Lyubomirsky argues that flow involves us in life, which is helpful for those who feel alienated by it. Further, flow leads us to enjoy our activities, feel in control, and have a stronger sense of self; and this makes us feel better, more capable and worthy. Lyubomirsky stresses that all this adds up to imbue our lives with meaning, intensity, richness, and happiness.9

An interesting aspect of flow is that we tend to experience it much more frequently at work than in leisure time. According to Csikszentmihalyi, this is primarily because work has built-in goals, challenges and feedback, which prompt us to concentrate on our tasks and lose ourselves in them. But it is also because we waste our free time.10 Most of us have to work. Unfortunately, work has a “rather poor reputation”, Csikszentmihalyi argues, quite possibly because for much of history, a privileged few found ways to exploit the fruits of labour of the great majority. Whether we can enjoy what we do for a living or not has a significant impact on our contentment. If we can learn things every day, feel in control, and perform challenging tasks, we will have a tremendous advantage over those who have repetitive or boring jobs. Ideally, we can like our work so much that it doesn’t even feel like work.11 That may not be possible for you right now. In that case try to make the most of your leisure time. Csikszentmihalyi points out that too many of us spend our free time watching other people on TV exercising and having adventures, when we should be doing so ourselves. Rather than make music, he argues, we listen to it; and rather than create art, we admire others’. He stresses that we need to be invested in real challenges and stop squandering our consciousness on stimulation, which mimics reality and makes us miss out on real experience.12

Lyubomirsky’s advice is to fully invest our attention in experiences of our choice. To increasingly find flow in our lives, she also recommends adopting new values. Firstly, we should welcome different and new experiences, and secondly, adopt an attitude of wanting to learn until the day we die. We also need to recognise when we are experiencing flow, and seek to multiply the activities that can get us there.13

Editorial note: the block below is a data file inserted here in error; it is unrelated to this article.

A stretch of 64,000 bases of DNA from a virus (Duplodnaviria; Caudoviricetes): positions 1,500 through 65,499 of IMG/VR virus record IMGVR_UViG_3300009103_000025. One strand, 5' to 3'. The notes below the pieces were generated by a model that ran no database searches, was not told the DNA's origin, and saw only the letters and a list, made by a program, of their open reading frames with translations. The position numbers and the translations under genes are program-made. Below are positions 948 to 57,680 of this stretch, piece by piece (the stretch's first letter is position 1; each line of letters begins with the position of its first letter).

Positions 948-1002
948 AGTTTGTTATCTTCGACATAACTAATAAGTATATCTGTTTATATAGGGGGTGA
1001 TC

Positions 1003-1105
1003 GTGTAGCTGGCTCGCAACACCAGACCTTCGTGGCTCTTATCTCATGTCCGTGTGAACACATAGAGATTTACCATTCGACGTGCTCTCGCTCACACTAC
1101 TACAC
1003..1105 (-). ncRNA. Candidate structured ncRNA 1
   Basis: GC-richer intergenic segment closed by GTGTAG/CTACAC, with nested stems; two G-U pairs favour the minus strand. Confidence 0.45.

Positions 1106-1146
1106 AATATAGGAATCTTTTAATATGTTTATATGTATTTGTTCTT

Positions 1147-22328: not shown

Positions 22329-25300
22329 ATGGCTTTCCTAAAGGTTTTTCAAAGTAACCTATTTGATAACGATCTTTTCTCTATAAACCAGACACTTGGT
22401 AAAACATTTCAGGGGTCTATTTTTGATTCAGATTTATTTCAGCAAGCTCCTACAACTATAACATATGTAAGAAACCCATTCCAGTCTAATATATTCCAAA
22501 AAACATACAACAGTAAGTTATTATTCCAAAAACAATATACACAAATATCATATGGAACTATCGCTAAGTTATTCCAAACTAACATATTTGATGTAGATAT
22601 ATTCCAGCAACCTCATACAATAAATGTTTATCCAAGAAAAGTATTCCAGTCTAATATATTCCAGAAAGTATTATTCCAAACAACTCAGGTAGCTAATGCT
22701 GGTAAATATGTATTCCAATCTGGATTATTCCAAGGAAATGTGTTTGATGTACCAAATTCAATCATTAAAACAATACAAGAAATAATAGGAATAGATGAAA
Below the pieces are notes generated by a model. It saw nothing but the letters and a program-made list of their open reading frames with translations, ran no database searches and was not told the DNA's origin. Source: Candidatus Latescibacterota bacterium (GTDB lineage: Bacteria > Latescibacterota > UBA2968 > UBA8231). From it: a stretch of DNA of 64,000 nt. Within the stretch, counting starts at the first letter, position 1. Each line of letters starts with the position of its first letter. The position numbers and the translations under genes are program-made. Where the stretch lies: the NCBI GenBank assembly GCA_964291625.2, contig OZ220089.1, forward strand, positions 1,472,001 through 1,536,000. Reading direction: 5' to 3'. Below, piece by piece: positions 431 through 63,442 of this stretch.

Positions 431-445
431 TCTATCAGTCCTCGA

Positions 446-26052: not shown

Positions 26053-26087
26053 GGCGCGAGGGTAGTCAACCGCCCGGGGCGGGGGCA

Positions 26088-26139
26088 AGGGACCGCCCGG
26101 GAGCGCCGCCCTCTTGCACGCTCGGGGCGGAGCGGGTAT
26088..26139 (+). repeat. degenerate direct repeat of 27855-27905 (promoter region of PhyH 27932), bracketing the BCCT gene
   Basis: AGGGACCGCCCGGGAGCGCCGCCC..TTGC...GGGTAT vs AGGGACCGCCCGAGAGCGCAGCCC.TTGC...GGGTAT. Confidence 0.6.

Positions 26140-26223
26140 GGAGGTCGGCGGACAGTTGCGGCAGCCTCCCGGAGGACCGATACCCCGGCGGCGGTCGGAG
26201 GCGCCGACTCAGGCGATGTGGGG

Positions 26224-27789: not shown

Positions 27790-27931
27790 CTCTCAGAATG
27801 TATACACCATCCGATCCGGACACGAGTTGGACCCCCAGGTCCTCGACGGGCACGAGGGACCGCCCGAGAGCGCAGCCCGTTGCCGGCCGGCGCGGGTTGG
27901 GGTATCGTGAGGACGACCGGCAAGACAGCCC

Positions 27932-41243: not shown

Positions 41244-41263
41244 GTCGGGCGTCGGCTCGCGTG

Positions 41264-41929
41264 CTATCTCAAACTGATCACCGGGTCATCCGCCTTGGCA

Many of us dream of enjoying retirement, endless holidays, and having to do sweet nothing. This, we imagine, would put our mind at rest. Isn’t it interesting that it is in fact challenges that can achieve this and not lying about?

© Natalie Lydia Barker 2015

Notes

  1. Mihaly Csikszentmihalyi, Flow: The Classic Work on How to Achieve Happiness (London: Rider, 2002), xi.
  2. Martin Seligman, Flourish: A Visionary New Understanding of Happiness and Well-being (North Sydney: Random House Australia, 2011).
  3. Sonja Lyubomirsky, The How of Happiness: A Scientific Approach to Getting the Life You Want (New York: The Penguin Press, 2008).
  4. Csikszentmihalyi, Flow.
  5. Csikszentmihalyi, Flow.
  6. Csikszentmihalyi, Flow.
  7. Jeanne Nakamura and Mihaly Csikszentmihalyi, “The Concept of Flow,” in Handbook of Positive Psychology, eds. C. R. Snyder and Shane. J. Lopez (New York: Oxford University Press, 2005).
  8. Nakamura and Csikszentmihalyi, “The Concept of Flow”.
  9. Lyubomirsky, The How of Happiness.
  10. Csikszentmihalyi, Flow.
  11. Csikszentmihalyi, Flow.
  12. Csikszentmihalyi, Flow.
  13. Lyubomirsky, The How of Happiness.